But Steve O’Donnell, NASCAR’s executive vice president and chief racing development officer, said it is a “fairly common practice” Monday on SiriusXM NASCAR Radio’s “The Morning Drive.”
“It’s been going on for a few years,” O’Donnell said. “It’s something we’ve done just to make sure for the competitors, everybody’s on a level playing field. It helps us with Goodyear as well to make sure the tires are legit, which we’ve always found they are.”
It’s an issue the crew chiefs for Busch and Truex are OK with.
“Usually when you’re running good, they’re going to come take them,” Cole Pearn said Sunday. “That’s fine. They’re just doing their due diligence, doing what they should be doing. No issue there.”
NASCAR America’s Kyle Petty and Parker Kligerman weighed in on the story and why fans need to know about NASCAR’s practices concerning tires.
“This is something fans haven’t known about,” Petty said. “This is something maybe the guys inside that square, fenced-in area called the garage area all know about and just take for granted. But the fan … they want to know. ‘Why are you guys doing this? What’s this all about?'”
Said Kligerman: “It’s good that they’re doing this because they’re checking on the fact that teams could be trying to cheat the rules a little bit by making the airs leak out of the tires, therefore having a car on the long run that would be really fast because it would keep the right air pressure.”
Watch the above video for more.
Almost a year after Farmers Insurance announced it would cease sponsoring Kasey Kahne following the 2017 season, a report by ESPN reveals that Farmers Insurance paid Hendrick Motorsports roughly $666,000 a race to sponsor the No. 5 Chevrolet in 2017.
ESPN’s report is based on documents in a lawsuit filed by Sports Marketing Consultants related to “a dispute on the percentage of commissions owed on the deal” between Farmers Insurance and Hendrick Motorsports.
Farmers Insurance, which has sponsored Kahne for six seasons, was the primary sponsor on the No. 5 car in 12 races from 2015-17. There are three races left on the 2017 deal.
Farmers was on the No. 5 when Kahne won the Brickyard 400 in July.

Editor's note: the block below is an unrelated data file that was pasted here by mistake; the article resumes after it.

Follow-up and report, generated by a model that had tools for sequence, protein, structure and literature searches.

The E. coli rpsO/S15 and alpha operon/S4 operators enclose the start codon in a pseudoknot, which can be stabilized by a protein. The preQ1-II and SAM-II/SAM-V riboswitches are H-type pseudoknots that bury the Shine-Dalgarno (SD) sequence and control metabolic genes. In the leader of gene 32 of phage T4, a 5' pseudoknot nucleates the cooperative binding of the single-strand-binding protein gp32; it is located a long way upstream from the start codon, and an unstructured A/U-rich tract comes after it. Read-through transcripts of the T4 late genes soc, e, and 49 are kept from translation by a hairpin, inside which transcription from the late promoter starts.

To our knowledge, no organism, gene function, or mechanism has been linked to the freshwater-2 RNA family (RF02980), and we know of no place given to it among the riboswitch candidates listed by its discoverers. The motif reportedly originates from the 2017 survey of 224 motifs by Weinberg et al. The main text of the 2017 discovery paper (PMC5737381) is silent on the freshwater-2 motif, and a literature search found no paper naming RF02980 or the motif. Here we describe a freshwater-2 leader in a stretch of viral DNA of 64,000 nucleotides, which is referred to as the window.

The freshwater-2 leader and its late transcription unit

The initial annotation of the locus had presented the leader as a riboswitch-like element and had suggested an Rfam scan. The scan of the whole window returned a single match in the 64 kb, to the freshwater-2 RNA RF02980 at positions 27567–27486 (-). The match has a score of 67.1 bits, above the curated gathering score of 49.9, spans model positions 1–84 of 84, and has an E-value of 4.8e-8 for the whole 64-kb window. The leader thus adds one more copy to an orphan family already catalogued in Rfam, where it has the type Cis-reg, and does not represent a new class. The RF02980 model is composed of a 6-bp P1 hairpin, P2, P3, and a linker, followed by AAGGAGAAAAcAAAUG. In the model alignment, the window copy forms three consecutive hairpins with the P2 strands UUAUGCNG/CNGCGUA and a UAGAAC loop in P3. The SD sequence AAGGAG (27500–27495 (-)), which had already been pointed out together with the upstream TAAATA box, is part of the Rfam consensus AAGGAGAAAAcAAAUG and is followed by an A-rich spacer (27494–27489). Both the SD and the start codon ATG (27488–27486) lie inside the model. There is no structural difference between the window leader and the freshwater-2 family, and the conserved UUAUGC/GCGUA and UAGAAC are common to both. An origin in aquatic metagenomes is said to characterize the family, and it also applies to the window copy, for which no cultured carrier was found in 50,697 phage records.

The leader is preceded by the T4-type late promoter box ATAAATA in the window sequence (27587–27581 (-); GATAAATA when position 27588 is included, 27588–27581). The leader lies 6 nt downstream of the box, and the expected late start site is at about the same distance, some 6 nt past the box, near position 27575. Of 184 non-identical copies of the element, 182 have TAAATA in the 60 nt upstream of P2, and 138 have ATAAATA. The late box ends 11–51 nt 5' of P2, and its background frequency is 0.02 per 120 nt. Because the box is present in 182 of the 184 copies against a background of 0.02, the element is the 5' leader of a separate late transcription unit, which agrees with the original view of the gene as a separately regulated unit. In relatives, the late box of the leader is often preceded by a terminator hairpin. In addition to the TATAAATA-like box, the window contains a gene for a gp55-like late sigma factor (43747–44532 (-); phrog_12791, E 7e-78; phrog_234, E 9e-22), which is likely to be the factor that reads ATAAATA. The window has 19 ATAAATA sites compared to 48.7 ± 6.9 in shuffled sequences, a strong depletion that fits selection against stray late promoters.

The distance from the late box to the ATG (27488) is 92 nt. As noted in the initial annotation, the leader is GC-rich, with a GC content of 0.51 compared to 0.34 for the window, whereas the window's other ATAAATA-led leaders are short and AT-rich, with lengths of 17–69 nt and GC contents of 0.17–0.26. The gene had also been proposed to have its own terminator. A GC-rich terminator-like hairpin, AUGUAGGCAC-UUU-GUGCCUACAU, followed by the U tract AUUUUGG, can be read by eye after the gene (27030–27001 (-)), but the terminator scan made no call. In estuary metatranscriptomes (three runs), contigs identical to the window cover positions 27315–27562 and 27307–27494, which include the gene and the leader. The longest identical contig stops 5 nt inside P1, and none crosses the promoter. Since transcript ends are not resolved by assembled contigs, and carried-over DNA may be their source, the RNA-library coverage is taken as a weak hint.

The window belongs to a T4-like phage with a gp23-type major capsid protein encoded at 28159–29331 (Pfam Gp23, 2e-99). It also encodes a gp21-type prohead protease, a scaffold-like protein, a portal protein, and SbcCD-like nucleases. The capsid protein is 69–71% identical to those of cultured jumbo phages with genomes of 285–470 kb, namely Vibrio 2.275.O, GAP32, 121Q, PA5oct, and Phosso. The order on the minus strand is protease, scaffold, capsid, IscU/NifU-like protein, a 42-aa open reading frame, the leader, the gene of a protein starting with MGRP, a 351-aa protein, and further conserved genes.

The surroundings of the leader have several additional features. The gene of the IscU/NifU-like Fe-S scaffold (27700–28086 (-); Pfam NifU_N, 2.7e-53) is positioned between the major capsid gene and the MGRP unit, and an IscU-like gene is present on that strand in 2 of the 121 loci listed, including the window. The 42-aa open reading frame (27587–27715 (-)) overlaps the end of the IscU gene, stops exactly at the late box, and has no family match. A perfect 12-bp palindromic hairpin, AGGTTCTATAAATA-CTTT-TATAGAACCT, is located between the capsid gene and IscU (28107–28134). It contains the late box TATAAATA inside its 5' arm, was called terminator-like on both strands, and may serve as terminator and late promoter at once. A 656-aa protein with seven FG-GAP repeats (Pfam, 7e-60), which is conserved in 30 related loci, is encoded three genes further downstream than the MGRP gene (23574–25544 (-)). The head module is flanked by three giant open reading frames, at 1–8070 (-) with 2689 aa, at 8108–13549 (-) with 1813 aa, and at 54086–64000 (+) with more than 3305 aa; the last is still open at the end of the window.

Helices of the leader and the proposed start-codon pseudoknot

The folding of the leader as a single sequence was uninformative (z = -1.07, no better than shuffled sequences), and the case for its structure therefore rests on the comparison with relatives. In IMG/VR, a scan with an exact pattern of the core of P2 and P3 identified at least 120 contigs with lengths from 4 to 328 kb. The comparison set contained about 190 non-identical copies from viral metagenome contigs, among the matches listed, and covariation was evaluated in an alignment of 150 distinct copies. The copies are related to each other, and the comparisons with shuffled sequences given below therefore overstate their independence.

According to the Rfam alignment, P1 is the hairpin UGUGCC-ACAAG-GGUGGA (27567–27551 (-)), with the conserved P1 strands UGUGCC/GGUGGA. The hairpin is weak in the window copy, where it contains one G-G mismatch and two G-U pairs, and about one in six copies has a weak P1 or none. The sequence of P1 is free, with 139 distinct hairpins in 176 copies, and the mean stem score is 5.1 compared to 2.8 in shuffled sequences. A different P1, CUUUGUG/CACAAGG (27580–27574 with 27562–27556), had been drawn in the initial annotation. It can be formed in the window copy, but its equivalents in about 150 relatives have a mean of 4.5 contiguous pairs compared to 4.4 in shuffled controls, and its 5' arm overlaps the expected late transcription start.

Great Clips announced it would also cease sponsoring Kahne in May. A few weeks after the Brickyard win, Kahne’s only victory since 2014, Hendrick announced he would not be back in the No. 5 next season.
Farmers’ initial contract ran from 2012-14, when it sponsored the No. 5 for 22 races each season. Farmers paid Hendrick $13.5 million in 2012, $14.04 million in 2013 and $16.348 million in 2014, according to the ESPN report.
With the decrease to 12 races a year beginning in 2015, the company paid $7.6 million that season, $7.8 million in 2016 and $8 million this season.
The report also describes various performances bonuses for Hendrick in the initial three-year deal, such as winning a race ($450,000-$550,000) and the Cup championship ($1,157,895).
Read the ESPN story for more details on the contracts.
MORE: Kasey Kahne has new crew chief for rest of playoffs
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A day after opening the NASCAR Cup playoffs, Jimmie Johnson went to work helping victims of Hurricane Irma in Florida.
The Hendrick Motorsports driver traveled with one of his daughters to Naples, Florida, to work with his sponsor, Lowe’s, to help those whose lives were upended by the storm that impacted the state last week.
Johnson helped to install air conditioning units, clear away fallen trees and more in his efforts.
The trip to Florida comes after Johnson and his fellow Hendrick drivers established the Team Hendrick Disaster Relief Fund in the wake of Hurricane Harvey. With a goal of $500,000, the fund has raised just over $341,500 so far.
Below is a look at Johnson’s day in Florida.